Public Access and Media Rules for Administrative Adjudicators in High-Profile Hearings

By McNeil, Christopher B. | Judicature, May/June 2008 | Go to article overview

Public Access and Media Rules for Administrative Adjudicators in High-Profile Hearings


McNeil, Christopher B., Judicature


Many courts have rules in place designed to strike the right balance between access and a fair trial in high-profile cases. What's needed are rules for when the proceedings are conducted by an administrative agency.

When a case of great public interest arises, many courts have rules in place designed to strike the right balance between a litigant's right to due process and a fair trial with First Amendment rights of access to judicial proceedings. But what happens when the tribunal is part of the executive branch of government? Do the rules change when the proceedings are conducted by an administrative agency instead of a judicial-branch court?

If the question was largely academic at the start of the new millennium, its character changed significantly after the attacks of September 11 and the subsequent United States military detention of persons identified as enemy combatants at Guantanemo Bay, Cuba.; In a few short years our interest in how the executive branch conducts; quasi-judicial hearings has sharpened, piqued by governmental limitations placed on access to adjudicative hearings both at home and abroad. Just how public does an administrative hearing have to be? What rights of access apply when the interests being litigated are limited to those wholly within the authority of a regulatory body? Does aq agency have an obligation to balance participant privacy rights against public access rights? Are there bencht marks of fair and effective media relations policies, standards that agencies should consider adopting when anticipating the role of the media in the operation of agency adjudications?

In many respects, media policies developed by judicial-branch courts would seem to serve as appropriate templates for executive-branch adjudicators. There are, however, some differences to consider. Agency hearings are conducted without juries, so an agency media policy can be crafted without standards for how the media will interact with prospective or impaneled jurors. Agency adjudicators generally lack the power to enforce a contempt citation, raising questions of whether an agency can hold media representatives accountable for acts that violate the agency's media policies.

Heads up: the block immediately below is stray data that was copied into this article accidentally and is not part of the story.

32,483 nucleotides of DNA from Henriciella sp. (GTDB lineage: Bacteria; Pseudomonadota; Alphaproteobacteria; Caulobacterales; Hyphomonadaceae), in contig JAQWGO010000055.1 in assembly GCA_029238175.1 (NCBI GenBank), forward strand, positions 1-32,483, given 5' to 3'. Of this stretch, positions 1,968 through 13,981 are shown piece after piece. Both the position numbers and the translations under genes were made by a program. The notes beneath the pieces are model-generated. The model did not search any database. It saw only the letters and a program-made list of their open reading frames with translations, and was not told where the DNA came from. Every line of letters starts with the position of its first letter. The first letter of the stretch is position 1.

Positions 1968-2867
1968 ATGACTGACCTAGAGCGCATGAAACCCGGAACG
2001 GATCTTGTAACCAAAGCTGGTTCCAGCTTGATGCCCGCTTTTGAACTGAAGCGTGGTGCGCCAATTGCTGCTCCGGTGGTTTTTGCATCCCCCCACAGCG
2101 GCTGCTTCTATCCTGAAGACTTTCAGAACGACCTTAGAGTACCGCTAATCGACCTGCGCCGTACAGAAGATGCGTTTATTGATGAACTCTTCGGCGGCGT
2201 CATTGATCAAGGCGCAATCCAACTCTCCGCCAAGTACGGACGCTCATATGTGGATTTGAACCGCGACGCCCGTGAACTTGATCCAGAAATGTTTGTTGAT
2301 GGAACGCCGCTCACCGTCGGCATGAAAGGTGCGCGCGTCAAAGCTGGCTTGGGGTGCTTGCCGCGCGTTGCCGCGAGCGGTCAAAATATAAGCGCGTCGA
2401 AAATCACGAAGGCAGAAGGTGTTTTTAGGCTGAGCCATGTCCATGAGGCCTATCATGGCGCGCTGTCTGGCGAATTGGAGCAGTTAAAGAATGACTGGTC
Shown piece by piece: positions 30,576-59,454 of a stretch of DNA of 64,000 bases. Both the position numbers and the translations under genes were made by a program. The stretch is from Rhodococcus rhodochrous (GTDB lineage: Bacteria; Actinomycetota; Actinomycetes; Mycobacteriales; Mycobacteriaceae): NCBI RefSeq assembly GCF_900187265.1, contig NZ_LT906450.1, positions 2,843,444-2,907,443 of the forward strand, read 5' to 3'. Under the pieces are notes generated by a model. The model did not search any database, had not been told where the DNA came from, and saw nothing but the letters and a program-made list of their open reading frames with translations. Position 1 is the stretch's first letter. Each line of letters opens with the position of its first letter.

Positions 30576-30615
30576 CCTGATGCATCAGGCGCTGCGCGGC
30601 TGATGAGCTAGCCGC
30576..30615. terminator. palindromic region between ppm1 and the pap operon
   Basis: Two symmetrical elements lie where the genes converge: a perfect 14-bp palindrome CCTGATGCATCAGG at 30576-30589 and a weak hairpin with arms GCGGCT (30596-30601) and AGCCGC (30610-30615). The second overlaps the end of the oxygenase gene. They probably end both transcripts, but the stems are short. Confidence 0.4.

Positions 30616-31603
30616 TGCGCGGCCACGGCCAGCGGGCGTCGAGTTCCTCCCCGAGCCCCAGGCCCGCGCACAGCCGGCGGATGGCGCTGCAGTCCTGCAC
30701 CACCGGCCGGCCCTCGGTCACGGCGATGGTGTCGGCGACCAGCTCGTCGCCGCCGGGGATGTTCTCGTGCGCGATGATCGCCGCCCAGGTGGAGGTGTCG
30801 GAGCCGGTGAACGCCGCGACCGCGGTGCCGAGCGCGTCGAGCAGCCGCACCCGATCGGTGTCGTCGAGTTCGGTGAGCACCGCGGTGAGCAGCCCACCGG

Administrative hearings, further, tend to be civil in nature. To the extent an agency bases its media policies on models implemented by trial courts (models that likely accommodate interests of persons charged with crimes), the agency's policies may need to be adjusted to grant greater access than that of the trial court. Despite these differences, the question remains: how can we balance First Amendment interests in an open hearing against the tendency of executive adjudicators to operate in a relatively controlled and oftentimes closed environment?

Applying the First Amendment

It is true that most of the case law describing the rights of access under the First Amendment arises in the context of judicial proceedings, not proceedings conducted by executivebranch adjudicators. This distinction was not lost on the Department of Justice when it argued in post-9/11 deportation proceedings that "the political branches of government are completely immune from the First Amendment guarantee of access."1 The argument failed both times it was used,2 but the fact that such a claim was raised suggests some care needs to be taken when applying judicial trial-access doctrine to executive-branch hearings.

First Amendment access doctrine is the appropriate starting point when crafting any media relations policy, whether for a judicial-branch court or for proceedings conducted by administrative agencies. Whether the public's "qualified right of access"3 may be restricted requires an analysis articulated in cases that started in 1980 with Richmond Newspaper^1 (guaranteeing under the First Amendment the right to attend criminal trials) and ended in 1986 with Press-Enterprise II,5 in which the Court extended the right of access to preliminary proceedings in addition to trials, and introduced a two-part test considering whether "the place and process have historically been open to the press and the general public," and whether "public access plays a significant positive role in the functioning of the particular process in question. …

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